This is one of those books that had to be read. Although this collection of short stories was published in 2012, the diversity debate on Twitter, which I follow quite closely, has meant that this book has been recommended by several people who know what they’re on about. Then when I walked into my local library last week it was sitting there – centre stage on the Recommended book case. I checked it out.
Until recently I haven’t been a huge reader of short stories. Some people like them as you can dip in and out of a book, but I’ve always been a committer to a long story and have been loyal to the novel. As I’ve tried to improve my own writing I’ve discovered the short story anew. It’s a real skill to be able to tell a story in a small number of words and have the reader come away satisfied. This collection takes the theme of love and the pain that goes along with it. For those who like to spend time with a character, this particular collection may be especially of interest: Yunior is the centre of these stories, a young Dominican living in New Jersey. Several stories link tightly to one another, setting up a character in one, then visiting them again later on in the book.
Diaz is a Pulitzer prize winner, so no matter whether this is usually your type of writing or not, it’s a safe pair of hands even when the words themselves are unfamiliar (there is much use of slang and Spanish but only brief moments and you can get the gist). It’s a very male voice – Yunior is a hugely chauvinistic character and, in the earlier stories especially, seems to have little respect for women. The first story, The Sun, the Moon, the Stars begins with Yunior’s girlfriend finds out that he’s been cheating on her. It’s a bit of a recurrence throughout the book, the infidelities of Yunior and other men. The good news is that cheats never prosper and so, as much as reading the misogynistic thoughts of Yunior et al can be infuriating, you just have to hold on and the retribution will come sooner or later.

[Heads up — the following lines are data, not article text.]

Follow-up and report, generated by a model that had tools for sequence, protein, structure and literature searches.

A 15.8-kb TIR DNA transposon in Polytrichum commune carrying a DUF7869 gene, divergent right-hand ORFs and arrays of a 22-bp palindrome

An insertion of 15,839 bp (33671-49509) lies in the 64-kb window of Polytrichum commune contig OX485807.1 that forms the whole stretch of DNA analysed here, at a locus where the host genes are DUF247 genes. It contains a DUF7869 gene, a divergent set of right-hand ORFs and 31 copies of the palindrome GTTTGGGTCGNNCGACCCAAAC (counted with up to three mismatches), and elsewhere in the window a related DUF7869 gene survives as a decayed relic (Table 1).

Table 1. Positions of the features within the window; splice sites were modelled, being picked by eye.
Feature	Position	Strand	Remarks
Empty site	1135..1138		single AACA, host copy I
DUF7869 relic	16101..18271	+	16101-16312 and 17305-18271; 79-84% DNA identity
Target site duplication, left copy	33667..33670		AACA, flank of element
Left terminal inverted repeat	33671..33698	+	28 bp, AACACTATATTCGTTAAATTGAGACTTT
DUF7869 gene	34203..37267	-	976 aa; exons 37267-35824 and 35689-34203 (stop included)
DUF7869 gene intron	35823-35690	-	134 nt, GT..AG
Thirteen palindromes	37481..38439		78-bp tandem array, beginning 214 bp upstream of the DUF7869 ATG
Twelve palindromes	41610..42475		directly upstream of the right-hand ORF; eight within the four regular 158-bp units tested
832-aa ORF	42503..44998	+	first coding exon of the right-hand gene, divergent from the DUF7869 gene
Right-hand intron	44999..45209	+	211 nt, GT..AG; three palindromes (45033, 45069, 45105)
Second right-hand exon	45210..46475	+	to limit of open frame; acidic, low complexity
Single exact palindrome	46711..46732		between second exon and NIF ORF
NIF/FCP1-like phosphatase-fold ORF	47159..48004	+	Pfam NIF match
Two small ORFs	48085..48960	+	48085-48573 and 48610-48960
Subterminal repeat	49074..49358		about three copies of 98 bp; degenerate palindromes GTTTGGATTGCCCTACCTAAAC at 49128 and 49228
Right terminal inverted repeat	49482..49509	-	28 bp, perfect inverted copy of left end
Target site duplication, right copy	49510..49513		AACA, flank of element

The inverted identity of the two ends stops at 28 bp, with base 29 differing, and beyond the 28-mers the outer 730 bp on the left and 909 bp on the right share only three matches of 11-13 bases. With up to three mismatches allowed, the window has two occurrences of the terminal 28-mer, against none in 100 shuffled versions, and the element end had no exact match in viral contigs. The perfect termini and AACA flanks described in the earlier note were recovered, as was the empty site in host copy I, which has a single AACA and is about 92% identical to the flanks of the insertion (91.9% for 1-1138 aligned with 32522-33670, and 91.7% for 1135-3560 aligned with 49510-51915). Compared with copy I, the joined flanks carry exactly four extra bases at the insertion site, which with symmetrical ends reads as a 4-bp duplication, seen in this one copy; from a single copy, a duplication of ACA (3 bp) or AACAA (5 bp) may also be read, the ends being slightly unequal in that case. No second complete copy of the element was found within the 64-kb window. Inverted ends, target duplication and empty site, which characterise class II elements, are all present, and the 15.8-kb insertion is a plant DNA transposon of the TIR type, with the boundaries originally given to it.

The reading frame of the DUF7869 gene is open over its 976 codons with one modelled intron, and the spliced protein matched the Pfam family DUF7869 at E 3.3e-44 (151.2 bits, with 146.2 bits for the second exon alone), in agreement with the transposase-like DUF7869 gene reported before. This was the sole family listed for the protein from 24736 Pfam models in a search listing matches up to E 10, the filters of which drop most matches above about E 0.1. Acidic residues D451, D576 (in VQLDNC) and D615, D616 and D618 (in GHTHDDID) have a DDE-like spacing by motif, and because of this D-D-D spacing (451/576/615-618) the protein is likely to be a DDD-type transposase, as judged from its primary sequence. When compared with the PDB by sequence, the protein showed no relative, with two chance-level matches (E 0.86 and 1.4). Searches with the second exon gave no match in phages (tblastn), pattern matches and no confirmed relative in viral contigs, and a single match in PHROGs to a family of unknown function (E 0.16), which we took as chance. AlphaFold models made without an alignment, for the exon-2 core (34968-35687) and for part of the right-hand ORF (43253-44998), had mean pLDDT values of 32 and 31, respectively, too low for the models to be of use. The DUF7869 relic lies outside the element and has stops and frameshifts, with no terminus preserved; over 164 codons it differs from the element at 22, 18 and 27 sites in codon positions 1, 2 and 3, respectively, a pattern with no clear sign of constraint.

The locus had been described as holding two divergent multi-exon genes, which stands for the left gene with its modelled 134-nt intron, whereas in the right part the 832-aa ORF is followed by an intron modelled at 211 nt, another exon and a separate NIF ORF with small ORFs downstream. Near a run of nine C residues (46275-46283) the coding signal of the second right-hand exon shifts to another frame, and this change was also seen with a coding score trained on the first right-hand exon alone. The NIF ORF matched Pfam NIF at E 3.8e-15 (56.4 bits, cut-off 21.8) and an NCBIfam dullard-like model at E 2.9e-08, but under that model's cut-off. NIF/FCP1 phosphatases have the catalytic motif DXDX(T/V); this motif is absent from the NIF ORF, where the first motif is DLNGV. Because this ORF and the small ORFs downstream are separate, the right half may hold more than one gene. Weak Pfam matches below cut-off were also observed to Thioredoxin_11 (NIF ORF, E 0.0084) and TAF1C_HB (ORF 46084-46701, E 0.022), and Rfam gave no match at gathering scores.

There are many heart-breaking moments as well. The stories which feature Yunior’s family life are incredibly moving – Nilda is the introduction to brother Rafa, and from that moment you can watch the influence he has on Yunior and how these experiences turned Yunior into the man we have already seen. The stories aren’t told chronologically, they flit back and forwards, but it doesn’t matter. It adds in some ways as superficial judgements that I made based on the earlier stories then change later on as I learn about the boys’ childhood, their arrival in the US from Santo Domingo and about their family life.
There are many books written on the subject of love but, if you want to try something touching and funny, different, colourful and thought-provoking, you should read this.